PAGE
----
Block Printing E-Course!

12/17/14

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Friends, I’m so excited to share a new online ecourse by my friend Jen Hewett. In this sure-to-be-fabulous two day class, Jen will use videos, photos, and downloadable notes to guide you through the process of block printing on fabric. At the end of this class, you’ll know how to print your own custom fabric, which you can then use for tea towels, bags, quilts, or other fabric and sewing projects. Awesome, right?

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The course will take place online on January 31st and February 1st 2015 (PST), and will be accessible to you until March 3rd, so if you can’t take the class on that weekend, or if you want to work at your own pace, you’ll be able to access all the course materials through March 3. You will also have access to an exclusive Facebook group, where you’ll be able to ask Jen questions, as well as network and get feedback.

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And from now until December 31, 2014, you’ll get the early bird price of just $99 for the course! The price will go up to $109 on January 1st. Go get it!

I can vouch for Jen’s fantastic teaching: here I am earlier this year taking a block printing class from her in which I made some fabulous yardage that I used to make a dress.

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You design and carve your own blocks, so you can make your patterns unique to you. To learn more about the course and what supplies you need and to sign up, go here!

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Happy printing and happy Wednesday!

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Troy Litten

11/21/14

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Travel passes from Troy’s first trips abroad

If you have been reading my blog for any amount of time here, you may remember my friend Troy Litten. I’ve written about Troy before (almost a year ago to the day, as a matter of fact!) and his various projects and you may have even met him at one of my art openings (he’s a devoted friend). When we became friends, Troy and I instantly bonded over our love for travel, for design and for collecting old stuff. I finally had the chance to sit down with Troy and interview him for my Interviews with People I Admire series, and I was so excited, because Troy is one of the most interesting and talented people I have ever met. For most of his adult life, Troy has traveled the world more frequently than most of us, and early on — before the internet or Instagram  — he began documenting his travels in ways that have now become iconic. For many years Troy made his living as a designer, but along the way has dedicated hours and hours to his greatest passion: travel and photography. He now makes his living using his stockpile of images to create beautiful products — games, home decor, and stationery to name a few.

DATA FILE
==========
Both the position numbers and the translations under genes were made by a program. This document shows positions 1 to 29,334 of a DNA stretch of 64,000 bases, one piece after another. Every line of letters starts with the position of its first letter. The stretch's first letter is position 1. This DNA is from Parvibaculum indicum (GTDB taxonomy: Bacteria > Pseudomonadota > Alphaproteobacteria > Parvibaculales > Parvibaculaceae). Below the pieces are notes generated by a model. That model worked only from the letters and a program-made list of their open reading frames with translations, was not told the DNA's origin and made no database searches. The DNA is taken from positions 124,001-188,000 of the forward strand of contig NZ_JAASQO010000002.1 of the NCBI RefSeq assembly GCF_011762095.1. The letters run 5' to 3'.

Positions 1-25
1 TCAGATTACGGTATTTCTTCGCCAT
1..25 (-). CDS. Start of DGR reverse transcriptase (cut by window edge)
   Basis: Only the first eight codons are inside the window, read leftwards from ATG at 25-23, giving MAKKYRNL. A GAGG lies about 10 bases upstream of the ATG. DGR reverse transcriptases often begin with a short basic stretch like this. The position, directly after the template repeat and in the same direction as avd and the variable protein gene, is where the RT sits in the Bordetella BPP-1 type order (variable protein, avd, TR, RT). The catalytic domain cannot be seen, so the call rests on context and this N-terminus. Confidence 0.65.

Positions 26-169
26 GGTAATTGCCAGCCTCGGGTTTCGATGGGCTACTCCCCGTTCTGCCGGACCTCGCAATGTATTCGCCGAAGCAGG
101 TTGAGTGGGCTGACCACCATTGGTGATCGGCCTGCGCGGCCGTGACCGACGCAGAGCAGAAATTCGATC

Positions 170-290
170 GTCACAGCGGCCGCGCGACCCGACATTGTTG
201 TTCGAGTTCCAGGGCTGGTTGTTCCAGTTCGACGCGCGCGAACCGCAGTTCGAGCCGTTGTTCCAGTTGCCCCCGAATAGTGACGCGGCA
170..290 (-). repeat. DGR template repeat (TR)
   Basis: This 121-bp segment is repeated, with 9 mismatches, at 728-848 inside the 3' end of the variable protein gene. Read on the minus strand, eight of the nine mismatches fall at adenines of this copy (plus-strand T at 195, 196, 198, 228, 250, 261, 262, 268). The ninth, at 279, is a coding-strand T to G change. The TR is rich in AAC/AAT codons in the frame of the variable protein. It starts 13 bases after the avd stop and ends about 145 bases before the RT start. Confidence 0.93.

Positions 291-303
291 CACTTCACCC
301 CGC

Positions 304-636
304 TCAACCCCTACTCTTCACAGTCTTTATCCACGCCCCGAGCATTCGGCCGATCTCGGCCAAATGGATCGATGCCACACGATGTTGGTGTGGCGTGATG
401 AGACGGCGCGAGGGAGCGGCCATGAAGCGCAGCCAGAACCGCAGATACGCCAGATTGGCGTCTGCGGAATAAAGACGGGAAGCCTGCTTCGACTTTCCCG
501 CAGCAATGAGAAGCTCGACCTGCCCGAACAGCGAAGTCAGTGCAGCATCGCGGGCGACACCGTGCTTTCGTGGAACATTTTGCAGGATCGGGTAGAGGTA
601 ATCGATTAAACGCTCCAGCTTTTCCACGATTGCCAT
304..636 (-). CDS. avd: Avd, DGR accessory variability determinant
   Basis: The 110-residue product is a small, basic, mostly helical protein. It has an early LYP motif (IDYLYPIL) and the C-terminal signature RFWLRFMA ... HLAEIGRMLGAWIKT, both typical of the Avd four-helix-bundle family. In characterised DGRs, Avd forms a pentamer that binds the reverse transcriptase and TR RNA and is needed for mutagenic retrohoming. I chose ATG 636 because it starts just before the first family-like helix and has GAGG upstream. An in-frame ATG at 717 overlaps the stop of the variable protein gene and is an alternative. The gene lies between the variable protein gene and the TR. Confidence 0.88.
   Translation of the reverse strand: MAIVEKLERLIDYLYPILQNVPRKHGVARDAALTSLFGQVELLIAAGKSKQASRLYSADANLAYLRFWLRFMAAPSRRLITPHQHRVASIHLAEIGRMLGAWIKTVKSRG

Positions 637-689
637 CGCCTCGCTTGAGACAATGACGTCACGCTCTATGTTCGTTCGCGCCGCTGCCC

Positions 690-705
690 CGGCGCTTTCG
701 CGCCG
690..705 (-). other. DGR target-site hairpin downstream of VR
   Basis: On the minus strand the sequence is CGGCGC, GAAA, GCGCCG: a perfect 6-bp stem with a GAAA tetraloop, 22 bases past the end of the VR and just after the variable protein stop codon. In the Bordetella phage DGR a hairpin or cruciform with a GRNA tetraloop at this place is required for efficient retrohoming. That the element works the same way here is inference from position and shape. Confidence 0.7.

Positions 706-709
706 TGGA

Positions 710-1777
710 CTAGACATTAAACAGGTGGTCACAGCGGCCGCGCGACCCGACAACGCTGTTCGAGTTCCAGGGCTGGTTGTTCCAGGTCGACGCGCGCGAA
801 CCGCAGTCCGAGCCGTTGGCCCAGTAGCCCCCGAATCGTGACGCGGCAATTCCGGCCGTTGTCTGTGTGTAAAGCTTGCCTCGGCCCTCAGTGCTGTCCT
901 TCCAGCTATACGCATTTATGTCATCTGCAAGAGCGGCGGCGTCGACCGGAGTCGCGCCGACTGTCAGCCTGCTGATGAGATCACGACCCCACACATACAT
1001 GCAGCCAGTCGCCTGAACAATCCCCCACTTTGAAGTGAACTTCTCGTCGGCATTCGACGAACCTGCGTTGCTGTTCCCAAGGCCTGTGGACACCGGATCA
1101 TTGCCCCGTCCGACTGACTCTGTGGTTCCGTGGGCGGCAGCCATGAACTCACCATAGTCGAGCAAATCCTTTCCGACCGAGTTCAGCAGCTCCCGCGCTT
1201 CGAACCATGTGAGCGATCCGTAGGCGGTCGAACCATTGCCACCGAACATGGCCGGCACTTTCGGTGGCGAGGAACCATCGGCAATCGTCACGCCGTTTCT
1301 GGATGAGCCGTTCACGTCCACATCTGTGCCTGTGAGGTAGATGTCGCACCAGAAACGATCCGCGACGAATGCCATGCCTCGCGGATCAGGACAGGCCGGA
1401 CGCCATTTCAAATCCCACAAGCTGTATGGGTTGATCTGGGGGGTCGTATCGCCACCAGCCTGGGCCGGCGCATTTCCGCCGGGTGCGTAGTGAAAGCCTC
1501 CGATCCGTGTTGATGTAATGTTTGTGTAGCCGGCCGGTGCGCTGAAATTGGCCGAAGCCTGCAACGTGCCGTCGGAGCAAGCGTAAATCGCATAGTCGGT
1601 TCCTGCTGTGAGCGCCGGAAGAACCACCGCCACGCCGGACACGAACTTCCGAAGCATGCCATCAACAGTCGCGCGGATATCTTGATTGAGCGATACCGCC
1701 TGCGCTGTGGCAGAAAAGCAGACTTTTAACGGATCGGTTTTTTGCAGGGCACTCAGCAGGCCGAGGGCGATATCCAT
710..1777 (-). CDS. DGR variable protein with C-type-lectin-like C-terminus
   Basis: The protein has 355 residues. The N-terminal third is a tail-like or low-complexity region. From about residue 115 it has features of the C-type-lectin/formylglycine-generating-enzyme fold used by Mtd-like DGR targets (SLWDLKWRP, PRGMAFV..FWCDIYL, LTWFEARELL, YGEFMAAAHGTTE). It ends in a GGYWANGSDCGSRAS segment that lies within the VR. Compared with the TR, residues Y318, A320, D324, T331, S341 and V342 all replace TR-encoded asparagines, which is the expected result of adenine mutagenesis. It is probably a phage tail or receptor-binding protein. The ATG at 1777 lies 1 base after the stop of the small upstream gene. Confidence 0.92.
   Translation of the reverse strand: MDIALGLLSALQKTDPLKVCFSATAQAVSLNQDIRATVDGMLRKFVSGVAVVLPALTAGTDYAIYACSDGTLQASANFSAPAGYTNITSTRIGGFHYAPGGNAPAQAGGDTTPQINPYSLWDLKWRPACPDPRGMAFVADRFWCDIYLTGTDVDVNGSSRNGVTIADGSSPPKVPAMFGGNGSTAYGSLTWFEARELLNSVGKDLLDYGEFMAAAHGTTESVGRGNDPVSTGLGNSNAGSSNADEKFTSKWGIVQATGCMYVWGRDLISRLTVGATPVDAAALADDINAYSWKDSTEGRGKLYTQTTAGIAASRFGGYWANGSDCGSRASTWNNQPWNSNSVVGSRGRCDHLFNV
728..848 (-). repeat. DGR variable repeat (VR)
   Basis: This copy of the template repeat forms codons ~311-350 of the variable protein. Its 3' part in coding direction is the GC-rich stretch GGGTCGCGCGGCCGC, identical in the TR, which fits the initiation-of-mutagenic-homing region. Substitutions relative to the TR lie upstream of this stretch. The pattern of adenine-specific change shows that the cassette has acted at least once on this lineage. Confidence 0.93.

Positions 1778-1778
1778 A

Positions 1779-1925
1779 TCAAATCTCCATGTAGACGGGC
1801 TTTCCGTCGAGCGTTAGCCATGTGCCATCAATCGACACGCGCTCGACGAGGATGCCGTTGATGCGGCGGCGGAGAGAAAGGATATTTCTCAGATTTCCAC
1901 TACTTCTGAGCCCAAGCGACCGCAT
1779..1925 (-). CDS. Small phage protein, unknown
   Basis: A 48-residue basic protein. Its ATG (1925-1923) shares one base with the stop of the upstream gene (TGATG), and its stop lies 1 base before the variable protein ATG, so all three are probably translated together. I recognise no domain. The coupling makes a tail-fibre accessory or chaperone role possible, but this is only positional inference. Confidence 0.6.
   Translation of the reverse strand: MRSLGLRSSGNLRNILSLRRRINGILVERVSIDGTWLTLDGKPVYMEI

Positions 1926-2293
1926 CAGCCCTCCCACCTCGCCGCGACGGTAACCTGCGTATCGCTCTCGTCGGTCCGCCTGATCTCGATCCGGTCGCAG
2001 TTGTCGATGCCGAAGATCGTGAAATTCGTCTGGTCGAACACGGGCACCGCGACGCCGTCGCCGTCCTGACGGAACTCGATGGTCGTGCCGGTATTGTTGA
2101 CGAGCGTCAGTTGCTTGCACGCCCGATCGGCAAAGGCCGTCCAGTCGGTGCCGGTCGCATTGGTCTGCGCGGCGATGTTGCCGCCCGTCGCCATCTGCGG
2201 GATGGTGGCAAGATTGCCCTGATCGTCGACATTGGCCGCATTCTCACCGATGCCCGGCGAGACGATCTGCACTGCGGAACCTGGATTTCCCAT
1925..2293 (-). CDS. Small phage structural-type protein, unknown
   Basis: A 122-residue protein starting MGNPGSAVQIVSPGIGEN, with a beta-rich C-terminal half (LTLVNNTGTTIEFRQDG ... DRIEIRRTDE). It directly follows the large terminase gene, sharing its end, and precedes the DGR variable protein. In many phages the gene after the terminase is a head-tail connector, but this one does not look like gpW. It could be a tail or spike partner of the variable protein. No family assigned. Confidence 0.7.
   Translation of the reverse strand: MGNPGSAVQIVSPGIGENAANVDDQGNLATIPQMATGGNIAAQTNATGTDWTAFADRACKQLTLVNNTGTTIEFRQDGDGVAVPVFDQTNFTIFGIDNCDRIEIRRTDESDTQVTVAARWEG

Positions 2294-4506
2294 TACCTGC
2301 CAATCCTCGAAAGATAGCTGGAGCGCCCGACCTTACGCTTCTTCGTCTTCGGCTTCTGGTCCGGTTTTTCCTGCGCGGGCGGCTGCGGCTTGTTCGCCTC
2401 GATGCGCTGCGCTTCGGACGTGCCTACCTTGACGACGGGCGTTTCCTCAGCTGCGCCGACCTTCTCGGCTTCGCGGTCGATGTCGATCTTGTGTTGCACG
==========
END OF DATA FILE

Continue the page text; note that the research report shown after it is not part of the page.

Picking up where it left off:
I sat down to ask Troy about how his obsession with travel and documenting began, where it has taken him, and a little bit about how his mind works. This is the longest interview I’ve ever published, and it’s filled with gems (including incredible images) from start to finish. Enjoy!

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Lisa: You’ve been traveling most of your adult life, and you are now in your late forties. How old were you when you became interested in traveling the world? What was your first trip out of the country and what do you remember about it? At what point did you begin the style of documenting your travels that you have become known for?

Troy: Hailing from the rather rarefied confines of Northwest Ohio, I didn’t experience much of the world outside my immediate existence (the family road trip to Disney World doesn’t count) until I backpacked around Western Europe during the summer of 1987 while in college, the definitive start of my interest in traveling the world. Among many memories are discovering my love of watching the world pass by from a speeding train, surviving on bread and cheese, realizing not everyone speaks English, youth hostel co-ed showers are a thing, meeting people my age from all over the world, replacing a stolen passport is a pain in the ass, spending nights in train stations awaiting the first train out, Europe is full of old stuff and American tourists, and that I wanted to see much, much more of the world.

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Pre-flight entertainment on Bangkok Airways, 1998

After graduating design school in 1989 I lived and worked in London for a few years and in 1992 set out for a six month trip with my friend Grit, starting in Berlin and traveling through Poland, The Baltics, Finland, Russia, China, Nepal, Thailand, Malaysia, and Indonesia. Afterwards I worked in Hong Kong for a while before returning to the US, first to New York then to San Francisco a few years later, continuing to travel and see the world at every opportunity.

Throughout my travels I was finding so much of interest to document, and my love of sharing what I was seeing of the world around me inspired me to begin creating postcards and mail art to share with friends and family. This was the beginning of my style of documenting my travels I’ve become known for.

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Hand-made postcard featuring Japanese street characters, created after Troy’s first trip to Tokyo in 1997